Jacob Djurssa: jazz compositions from the oniric realm

Jacob Djurssa: jazz compositions from the oniric realm
Jacob Djursaa

In the land of the oniric world, it is possible to jump into the void—an infinite space where imagination and creativity know no bounds. From the depths of dreams, one has the power to manifest compositions that stem from the unconscious mind, shaping abstract ideas into a universal language. The result: an album for those seeking diverse sound textures.

Drømmesyn album cover

The privilege of a double life: the one you live and the one you dream. In the landscape of contemporary music, there is an album that invites listeners to experience this duality. 'Drømmesyn, a Danish word that translates to dream vision. It may seem like a simple concept, but for me, these musical ideas often emerge spontaneously while I'm playing, and I'm not always sure of their origin. This uncertainty is precisely why I'm drawn to this word.' These words belong to Danish guitarist Jacob Djursaa, who has recently unveiled his first recording: a place where space-time seems to be ethereal.

To truly grasp Jacob's musical journey, one must move to Denmark, his hometown. 'My father is a music teacher in high school. I always had music in my house when I was a child, all types of music, especially classical, but I didn't play when I was young. I think I learned piano just to improvise.' Music became commonplace in his life until he discovered the six strings. 'One day my father left his guitar and asked me if I wanted to try it. I did, and I was like, "Oh, this is great," and I’ve been playing since then. Just trying to play some songs that I liked at the time —some rock, metal, old and new stuff, and of course, some classical music—until I got into jazz, and I just wanted to put it all in.'

Besides the influence of his dad, Djursaa's musical career has a solid foundation in intellectual pursuits. He studied at the conservatories in Copenhagen, Odense, and Aarhus, and received additional tuition in NYC from the likes of Ben Monder, Lage Lund, and Chris Cheek. 'I graduated from the conservatory three years ago. I was playing a lot with some bands and recording some improvisations, but I didn’t start with the process of recording. I played my songs with many musicians that I know to receive good feedback on the music.'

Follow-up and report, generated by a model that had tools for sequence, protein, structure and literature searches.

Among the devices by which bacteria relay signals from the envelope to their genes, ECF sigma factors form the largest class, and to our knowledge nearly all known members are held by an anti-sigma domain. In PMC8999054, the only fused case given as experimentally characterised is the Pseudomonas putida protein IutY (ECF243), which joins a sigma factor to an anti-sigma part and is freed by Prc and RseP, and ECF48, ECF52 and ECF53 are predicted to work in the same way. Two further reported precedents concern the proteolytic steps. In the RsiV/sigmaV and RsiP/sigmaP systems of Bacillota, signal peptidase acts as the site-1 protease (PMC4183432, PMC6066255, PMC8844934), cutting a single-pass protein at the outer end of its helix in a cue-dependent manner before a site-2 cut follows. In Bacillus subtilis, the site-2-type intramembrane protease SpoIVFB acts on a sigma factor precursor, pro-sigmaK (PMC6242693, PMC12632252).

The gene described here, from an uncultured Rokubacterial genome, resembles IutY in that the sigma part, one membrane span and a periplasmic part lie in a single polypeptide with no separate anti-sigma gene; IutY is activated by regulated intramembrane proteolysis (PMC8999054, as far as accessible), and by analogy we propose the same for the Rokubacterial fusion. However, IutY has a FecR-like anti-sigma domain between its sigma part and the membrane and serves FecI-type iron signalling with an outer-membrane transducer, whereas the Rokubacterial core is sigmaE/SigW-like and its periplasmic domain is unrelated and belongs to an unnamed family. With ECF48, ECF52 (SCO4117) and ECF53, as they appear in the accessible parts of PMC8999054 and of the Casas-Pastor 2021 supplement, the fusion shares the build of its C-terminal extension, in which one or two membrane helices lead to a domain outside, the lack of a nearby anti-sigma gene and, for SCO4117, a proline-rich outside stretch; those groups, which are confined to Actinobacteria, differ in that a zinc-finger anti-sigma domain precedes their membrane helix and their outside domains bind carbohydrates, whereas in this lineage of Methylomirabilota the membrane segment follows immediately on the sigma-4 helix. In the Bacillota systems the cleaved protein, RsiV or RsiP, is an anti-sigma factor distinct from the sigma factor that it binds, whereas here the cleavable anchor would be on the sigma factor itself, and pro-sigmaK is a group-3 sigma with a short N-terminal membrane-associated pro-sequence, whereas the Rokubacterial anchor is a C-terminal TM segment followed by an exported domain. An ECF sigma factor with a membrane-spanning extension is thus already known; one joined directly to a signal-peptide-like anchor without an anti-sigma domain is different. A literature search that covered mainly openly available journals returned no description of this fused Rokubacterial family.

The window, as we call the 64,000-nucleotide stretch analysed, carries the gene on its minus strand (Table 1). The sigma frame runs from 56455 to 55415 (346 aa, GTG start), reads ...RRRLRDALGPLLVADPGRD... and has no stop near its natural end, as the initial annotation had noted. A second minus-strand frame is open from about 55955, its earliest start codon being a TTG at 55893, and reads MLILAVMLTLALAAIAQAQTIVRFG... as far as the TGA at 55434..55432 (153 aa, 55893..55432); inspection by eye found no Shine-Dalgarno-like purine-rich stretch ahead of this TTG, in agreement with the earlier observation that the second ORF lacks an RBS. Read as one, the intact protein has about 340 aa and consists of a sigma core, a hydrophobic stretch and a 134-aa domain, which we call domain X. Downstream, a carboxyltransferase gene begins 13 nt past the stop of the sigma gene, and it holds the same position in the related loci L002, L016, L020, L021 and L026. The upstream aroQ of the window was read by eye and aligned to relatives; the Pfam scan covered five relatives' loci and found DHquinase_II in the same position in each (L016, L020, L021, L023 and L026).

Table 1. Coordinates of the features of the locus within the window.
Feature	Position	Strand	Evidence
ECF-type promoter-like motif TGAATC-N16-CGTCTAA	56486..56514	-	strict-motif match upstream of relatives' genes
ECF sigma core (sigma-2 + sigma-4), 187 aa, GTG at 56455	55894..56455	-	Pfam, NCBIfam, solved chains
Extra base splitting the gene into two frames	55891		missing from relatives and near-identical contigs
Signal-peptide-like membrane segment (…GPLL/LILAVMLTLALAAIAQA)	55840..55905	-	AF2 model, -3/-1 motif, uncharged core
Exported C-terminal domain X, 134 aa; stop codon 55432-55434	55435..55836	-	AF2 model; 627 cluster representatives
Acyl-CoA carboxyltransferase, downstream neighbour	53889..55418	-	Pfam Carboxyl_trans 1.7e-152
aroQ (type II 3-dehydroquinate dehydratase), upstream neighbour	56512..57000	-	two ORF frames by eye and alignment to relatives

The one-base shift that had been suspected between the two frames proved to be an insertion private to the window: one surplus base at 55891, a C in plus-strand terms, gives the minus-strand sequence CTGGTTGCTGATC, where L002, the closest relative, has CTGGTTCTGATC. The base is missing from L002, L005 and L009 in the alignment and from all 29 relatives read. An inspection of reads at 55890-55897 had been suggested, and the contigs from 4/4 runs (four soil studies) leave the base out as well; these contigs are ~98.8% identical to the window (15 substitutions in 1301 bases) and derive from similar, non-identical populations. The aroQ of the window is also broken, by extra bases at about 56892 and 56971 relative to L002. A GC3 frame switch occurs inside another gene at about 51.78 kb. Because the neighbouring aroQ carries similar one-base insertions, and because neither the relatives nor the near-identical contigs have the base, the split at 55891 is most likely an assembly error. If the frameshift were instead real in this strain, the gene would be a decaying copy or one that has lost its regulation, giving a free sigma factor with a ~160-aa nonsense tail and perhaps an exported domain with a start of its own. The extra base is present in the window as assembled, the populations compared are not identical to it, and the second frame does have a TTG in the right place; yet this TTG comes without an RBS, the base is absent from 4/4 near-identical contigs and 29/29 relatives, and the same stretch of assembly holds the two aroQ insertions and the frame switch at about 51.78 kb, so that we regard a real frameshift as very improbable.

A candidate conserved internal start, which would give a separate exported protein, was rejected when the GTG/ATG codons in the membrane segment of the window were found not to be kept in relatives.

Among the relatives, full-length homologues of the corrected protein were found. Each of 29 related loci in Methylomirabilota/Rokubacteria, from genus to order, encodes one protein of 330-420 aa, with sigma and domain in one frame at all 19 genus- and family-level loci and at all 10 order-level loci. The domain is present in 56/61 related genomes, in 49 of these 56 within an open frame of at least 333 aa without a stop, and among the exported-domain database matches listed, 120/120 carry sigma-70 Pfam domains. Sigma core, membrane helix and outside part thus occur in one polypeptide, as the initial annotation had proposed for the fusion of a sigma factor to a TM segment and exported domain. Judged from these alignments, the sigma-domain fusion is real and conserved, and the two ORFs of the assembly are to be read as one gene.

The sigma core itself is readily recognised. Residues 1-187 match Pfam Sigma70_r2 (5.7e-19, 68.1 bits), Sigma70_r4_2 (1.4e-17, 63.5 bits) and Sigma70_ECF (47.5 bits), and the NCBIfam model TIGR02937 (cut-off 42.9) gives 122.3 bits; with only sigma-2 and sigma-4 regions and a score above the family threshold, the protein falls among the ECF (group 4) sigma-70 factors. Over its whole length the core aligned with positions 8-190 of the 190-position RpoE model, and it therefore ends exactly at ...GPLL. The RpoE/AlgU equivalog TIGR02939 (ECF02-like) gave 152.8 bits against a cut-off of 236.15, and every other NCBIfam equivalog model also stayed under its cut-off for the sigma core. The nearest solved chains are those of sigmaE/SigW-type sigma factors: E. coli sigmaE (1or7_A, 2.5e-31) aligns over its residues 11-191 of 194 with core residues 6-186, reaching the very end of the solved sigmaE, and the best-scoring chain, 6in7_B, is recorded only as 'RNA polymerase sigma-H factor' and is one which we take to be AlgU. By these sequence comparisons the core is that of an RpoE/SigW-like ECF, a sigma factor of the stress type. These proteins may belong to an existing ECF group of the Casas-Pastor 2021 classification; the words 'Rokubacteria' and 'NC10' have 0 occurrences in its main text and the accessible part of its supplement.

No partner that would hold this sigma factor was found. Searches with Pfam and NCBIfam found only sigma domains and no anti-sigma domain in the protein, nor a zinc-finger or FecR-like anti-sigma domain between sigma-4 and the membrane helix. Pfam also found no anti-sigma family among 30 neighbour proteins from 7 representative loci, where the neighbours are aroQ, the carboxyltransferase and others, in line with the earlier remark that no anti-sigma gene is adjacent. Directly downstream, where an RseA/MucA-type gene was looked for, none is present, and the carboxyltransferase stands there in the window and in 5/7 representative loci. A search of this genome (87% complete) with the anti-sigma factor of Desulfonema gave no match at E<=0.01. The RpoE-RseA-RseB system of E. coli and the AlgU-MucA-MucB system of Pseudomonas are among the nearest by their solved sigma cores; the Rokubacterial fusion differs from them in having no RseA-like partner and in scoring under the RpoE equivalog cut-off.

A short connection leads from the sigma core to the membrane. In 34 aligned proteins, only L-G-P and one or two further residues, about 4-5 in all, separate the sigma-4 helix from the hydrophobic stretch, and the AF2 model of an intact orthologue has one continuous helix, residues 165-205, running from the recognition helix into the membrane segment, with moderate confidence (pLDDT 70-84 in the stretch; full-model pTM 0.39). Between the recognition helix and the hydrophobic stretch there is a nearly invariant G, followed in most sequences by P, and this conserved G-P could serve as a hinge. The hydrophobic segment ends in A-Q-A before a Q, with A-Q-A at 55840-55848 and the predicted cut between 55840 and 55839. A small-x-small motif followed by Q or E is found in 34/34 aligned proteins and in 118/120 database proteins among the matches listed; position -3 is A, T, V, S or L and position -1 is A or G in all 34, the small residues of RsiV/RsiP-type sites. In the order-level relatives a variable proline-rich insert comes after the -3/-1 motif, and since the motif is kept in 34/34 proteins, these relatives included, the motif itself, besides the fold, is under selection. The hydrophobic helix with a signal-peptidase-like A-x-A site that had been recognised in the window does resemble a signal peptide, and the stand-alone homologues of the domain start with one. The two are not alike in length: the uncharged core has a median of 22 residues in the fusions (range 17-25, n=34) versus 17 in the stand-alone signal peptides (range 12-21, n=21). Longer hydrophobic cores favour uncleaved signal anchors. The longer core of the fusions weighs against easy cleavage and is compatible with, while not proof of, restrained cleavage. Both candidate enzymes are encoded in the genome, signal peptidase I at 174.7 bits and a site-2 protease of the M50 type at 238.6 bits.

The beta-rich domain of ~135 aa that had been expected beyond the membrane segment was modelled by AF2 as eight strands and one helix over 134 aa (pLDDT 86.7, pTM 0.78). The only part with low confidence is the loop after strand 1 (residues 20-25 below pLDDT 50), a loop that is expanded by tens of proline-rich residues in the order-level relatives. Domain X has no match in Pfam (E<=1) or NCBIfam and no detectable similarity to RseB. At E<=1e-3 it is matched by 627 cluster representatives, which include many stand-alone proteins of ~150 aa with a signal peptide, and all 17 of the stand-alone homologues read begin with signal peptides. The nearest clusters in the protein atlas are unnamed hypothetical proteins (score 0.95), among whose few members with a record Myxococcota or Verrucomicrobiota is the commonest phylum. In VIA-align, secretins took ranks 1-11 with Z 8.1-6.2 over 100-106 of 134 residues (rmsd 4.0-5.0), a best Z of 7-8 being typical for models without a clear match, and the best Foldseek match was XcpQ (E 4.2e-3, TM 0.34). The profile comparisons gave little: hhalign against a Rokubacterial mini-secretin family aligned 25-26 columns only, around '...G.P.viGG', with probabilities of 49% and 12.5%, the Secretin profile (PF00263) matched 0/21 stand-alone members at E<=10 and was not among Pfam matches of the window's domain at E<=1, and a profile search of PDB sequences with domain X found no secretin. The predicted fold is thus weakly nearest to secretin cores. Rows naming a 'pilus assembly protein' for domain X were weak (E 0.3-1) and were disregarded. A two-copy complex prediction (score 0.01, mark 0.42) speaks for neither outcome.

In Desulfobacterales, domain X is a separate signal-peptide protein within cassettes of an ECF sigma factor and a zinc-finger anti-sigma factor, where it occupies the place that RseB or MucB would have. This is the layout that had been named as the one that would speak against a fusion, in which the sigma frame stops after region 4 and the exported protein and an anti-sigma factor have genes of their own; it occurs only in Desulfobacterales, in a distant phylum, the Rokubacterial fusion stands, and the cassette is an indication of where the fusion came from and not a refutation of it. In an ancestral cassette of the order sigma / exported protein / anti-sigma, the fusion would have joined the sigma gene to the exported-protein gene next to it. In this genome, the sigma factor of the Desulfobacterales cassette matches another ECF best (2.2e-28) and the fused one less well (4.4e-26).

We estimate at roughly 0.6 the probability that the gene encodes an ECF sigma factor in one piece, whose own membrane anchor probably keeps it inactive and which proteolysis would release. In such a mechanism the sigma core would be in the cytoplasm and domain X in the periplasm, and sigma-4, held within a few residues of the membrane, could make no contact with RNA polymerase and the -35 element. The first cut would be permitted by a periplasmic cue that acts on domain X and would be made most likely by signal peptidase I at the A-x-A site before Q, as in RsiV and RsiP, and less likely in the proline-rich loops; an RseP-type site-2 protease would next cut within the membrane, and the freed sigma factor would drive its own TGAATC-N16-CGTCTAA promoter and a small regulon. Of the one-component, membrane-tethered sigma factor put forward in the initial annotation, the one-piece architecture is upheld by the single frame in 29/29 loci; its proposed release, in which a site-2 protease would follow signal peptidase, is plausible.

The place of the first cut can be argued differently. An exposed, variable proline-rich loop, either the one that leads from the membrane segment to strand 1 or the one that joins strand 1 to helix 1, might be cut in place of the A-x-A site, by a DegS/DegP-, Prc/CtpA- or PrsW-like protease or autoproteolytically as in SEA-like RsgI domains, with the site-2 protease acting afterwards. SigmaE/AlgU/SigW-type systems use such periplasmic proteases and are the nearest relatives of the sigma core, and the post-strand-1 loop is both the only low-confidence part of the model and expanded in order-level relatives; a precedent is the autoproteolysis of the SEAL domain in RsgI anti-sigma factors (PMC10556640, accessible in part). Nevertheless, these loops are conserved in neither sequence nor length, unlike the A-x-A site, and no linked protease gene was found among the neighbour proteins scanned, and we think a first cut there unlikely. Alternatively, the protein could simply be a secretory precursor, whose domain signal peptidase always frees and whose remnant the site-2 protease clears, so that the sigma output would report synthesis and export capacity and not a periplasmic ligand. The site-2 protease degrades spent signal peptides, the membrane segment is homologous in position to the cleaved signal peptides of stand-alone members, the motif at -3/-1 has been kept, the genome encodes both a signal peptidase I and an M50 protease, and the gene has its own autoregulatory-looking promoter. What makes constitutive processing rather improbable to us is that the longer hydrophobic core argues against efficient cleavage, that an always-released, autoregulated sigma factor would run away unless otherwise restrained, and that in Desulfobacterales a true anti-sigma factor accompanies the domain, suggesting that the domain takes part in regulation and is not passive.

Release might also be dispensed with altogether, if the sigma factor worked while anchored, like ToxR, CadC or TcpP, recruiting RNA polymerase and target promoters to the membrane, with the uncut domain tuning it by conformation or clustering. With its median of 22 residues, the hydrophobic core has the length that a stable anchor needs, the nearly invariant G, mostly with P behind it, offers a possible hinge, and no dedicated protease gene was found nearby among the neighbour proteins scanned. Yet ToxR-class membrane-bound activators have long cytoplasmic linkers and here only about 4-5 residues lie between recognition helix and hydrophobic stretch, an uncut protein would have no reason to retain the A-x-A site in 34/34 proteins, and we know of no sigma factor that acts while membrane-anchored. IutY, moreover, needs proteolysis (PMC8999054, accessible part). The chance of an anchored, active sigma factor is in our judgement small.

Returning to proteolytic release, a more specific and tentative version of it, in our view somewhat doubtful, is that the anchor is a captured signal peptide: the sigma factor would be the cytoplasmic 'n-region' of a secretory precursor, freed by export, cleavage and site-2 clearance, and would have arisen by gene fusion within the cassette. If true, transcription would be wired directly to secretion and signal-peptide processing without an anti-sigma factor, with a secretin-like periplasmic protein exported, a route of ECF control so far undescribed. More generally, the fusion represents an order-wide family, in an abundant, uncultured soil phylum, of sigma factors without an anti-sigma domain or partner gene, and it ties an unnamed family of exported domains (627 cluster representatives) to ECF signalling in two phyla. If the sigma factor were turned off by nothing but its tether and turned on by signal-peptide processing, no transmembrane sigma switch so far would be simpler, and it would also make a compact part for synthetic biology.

Fortunately, in this dream vision, Jacob is not alone. At his side are Thomas Fryland on the trumpet, Dan Hjorth on the piano, Samuel Kiel on double bass, and Nikolaj Bangsgaard on drums. This quintet has created a safe place where listeners can dive into a calm atmosphere where progression is constant. 'These musicians represent to me some colorful landscape; they play like painting a picture. I chose them because they have the ability to bring out something extra in these tunes.' His music is inspired by the contemporary jazz tradition and Nordic folk music. 'The composition process for me is often pretty fast; it comes from improvisation, then I correct it, build arrangements, and write it down in traditional sheet music.'

At this early stage of his career, Jacob faces the reality of the music industry: reaching a bigger audience in the times of music streaming services, where choice overload is always present. If musicians weren't real dreamers, would they publish a jazz album? The answer is yes: improvisation goes beyond any dream vision. 'For me, improvisation means being in the moment and trying to create melodies and textures. Listening to what’s happening in the instance. A release and flow of energy, especially when we are playing in front of the audience. It’s an energy we release from the body.'

The mysticism permeates both the music and the title of the album. The richness of his native language allowed him to find a term that captures the essence of these melodies, which can be only understood after listening. Drømmesyn embodies a dream, a painting, and a place—a space where blurred visions merge with consciousness through sound. Jacob Djursaa's compositions evoke a sense of solitude amidst crowds, while paradoxically fostering a connection even in solitude. Each song makes it possible to unravel the abstract visions within us.